2023 forecast for 1031 tax-deferred exchanges - by Brendan Greene & Mark McCue

January 27, 2023 - Spotlights
Brendan Greene


Mark McCue


Internal Revenue Code (IRC) Section 1031 allows a property owner, who holds property for “the productive use in a trade or business or for investment” to defer paying capital gains taxes if the property owner sells such property, identifies “like kind” property within 45 days of the sale, and acquires “like kind” property within 180 days of the sale.

The housing market has started to shift from a seller’s market to a position more in the middle, and likely, as the year goes on, to a buyer’s market. 2021 and 2022 saw historically low interest rates, which in turn caused historic demand in investment properties and 1031 tax-deferred exchanges despite the high price of such properties for sale. With increased mortgage rates, current investors who have mortgages on their property will be more hesitant to sell if they have to purchase another investment property with a much higher interest rate. This may cause the number of potential investors to decrease, which will decrease demand and result in more investment properties on the market. This will create a more even playing field for buyers, although there will continue to be issues with affordability in part due to the increase in interest rates. As a result of this changing market, particularly for investors, we expect the volume of 1031 exchanges to hold steady or decrease slightly also. 

There are a few factors that will aid in the continued sustainment of 1031 exchanges: (i) property owners facing significant capital gains taxes upon sale due to the appreciation in the real estate market over the past five plus years, (ii) the repurposing of real estate due to changes in certain segments of the real estate market, (iii) the sale of investment properties in colder climates and the purchase of investment replacement properties in warmer climates or parts of the country typically known as vacation areas, (iv) the availability of reverse and construction improvement exchanges, and (v) baby boomer retirement and estate planning.

The pandemic has caused many workers to work remotely with a lot of success because of advanced virtual technology, which in turn has caused the commercial office and retail sector to be lagging. As such, many of these office and retail spaces may need to be repurposed. 

These properties can be ideal targets for investors looking to do a construction or improvement exchange which are discussed in more detail below. In addition, Section 1031 Like-Kind Exchanges provides incentive for investors who are unable to afford capital improvements to their building to sell properties to investors who have the capital to make such improvements to the properties.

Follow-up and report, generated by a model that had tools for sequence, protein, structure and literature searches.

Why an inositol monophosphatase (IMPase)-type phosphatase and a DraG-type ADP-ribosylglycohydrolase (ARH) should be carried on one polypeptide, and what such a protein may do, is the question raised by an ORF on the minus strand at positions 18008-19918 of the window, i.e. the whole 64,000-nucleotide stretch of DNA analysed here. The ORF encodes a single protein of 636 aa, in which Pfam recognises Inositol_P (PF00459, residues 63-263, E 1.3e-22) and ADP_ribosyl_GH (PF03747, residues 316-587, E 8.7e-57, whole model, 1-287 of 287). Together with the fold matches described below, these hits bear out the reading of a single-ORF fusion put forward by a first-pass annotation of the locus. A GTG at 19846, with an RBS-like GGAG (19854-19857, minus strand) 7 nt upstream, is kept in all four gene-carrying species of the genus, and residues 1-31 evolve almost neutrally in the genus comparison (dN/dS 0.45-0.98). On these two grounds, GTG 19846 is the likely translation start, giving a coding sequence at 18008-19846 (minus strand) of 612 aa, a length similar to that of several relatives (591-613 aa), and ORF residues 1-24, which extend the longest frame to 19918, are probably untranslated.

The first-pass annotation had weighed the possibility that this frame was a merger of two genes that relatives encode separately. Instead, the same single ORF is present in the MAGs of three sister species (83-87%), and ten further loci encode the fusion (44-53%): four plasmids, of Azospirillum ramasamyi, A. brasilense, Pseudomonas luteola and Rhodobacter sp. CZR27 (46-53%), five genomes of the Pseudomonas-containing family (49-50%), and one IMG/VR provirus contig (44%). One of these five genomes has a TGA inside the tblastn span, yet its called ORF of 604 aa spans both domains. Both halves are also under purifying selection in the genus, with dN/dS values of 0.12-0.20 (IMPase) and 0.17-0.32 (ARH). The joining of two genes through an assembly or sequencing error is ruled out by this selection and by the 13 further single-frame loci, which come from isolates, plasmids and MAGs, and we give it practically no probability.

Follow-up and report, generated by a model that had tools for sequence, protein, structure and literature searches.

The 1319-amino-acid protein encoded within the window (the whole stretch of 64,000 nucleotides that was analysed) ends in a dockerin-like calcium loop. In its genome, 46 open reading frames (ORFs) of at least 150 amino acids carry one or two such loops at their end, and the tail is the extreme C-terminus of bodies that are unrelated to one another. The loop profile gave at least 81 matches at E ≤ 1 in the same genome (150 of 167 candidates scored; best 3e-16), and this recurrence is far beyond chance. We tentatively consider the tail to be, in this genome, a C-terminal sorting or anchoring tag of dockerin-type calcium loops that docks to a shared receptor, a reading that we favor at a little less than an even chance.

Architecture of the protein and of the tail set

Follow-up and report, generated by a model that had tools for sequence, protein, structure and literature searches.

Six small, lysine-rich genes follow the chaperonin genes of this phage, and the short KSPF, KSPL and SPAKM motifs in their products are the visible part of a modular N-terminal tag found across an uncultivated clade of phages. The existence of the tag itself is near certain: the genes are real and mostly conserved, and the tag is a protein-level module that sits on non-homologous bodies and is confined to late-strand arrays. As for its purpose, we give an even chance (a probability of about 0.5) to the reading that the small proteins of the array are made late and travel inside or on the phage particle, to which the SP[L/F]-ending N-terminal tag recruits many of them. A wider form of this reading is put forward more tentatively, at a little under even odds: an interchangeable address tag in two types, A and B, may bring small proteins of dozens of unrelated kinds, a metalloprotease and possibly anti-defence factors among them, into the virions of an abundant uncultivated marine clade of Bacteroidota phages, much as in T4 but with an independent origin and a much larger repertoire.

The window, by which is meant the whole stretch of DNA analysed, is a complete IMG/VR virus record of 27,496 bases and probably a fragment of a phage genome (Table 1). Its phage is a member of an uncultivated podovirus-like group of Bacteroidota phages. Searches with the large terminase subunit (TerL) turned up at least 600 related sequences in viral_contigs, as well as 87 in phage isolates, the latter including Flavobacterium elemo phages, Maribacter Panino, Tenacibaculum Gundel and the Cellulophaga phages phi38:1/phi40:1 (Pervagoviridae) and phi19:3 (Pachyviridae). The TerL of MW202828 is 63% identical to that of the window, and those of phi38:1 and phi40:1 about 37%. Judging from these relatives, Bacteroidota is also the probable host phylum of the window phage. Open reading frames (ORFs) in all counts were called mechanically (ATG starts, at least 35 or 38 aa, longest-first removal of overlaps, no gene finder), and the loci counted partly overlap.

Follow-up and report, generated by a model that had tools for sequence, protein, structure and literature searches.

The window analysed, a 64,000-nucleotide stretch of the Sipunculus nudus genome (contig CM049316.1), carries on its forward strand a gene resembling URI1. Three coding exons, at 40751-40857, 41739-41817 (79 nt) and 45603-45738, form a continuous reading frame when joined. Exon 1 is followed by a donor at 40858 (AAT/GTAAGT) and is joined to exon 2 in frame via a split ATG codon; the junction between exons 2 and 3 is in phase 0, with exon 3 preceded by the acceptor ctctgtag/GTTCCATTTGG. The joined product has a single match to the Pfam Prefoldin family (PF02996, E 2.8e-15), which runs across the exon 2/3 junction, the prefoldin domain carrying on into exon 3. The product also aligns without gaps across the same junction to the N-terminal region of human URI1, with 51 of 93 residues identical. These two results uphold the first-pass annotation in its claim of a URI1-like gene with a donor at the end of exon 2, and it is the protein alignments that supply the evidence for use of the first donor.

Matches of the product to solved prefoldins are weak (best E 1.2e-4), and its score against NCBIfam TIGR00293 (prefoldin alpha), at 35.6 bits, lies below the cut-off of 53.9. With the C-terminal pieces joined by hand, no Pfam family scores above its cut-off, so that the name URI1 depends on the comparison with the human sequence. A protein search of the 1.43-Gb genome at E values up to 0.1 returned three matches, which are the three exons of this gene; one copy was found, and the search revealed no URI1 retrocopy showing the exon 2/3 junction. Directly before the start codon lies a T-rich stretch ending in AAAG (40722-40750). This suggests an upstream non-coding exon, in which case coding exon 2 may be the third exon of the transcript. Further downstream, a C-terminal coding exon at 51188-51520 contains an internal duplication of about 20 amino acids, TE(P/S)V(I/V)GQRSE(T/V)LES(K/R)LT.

Despite the negative impacts COVID-19 has caused on parts of the real estate industry, in particular the retail and office markets, the increase in property values throughout New England and specifically in Massachusetts over a long period of time has given investors large equities in their properties subjecting them to higher capital gains taxes on the sale of such properties. Consequently, more investors are becoming acquainted with and using 1031 tax-deferred exchanges in order to defer paying capital gains taxes. Investors enter into exchanges for a number of different reasons. They may want to diversify (sell one large property and buy multiple smaller properties), consolidate (sell multiple smaller properties for one large property) or purchase other investment property that has a better income stream, is easier to manage or has more upside than the property they currently own.

We anticipate the supply of investment replacement properties to increase slightly as mentioned above. However, we still expect to continue to see a sustained demand of “reverse exchanges” and “construction/improvement exchanges”. A reverse exchange is when an investor buys the replacement property first, and then sells their relinquished property second. Because of the somewhat limited supply of investment properties available, investors are not willing to sell their property and be left without anything to purchase. Reverse exchanges can be a useful tool to ensure a successful purchase of replacement property before relinquishing their current investment property. A construction/improvement exchange is when an investor either constructs a building on vacant land as part of the replacement property or makes improvements to an existing building. This allows investors much greater flexibility to accomplish an exchange by having the ability to look at a broader spectrum of price ranges for replacement properties, and if properly structured, will have a successful result in deferring capital gains taxes.

Locally, Greater Boston has some of the best financial institutions, universities, hospitals, and tech companies in the world which will continue to drive demand for rental properties. While a price slow-down or market corrections have begun, especially in certain segments of the real estate industry, there is still plenty of evidence that the real estate market remains strong in the Greater Boston area. 

Brendan Greene is an owner/operator/attorney and Mark McCue is an owner/operator/attorney at Greater Boston Exchange Company, LLC (a subsidiary of McCue, Lee & Greene, LLP), Boston, Mass.



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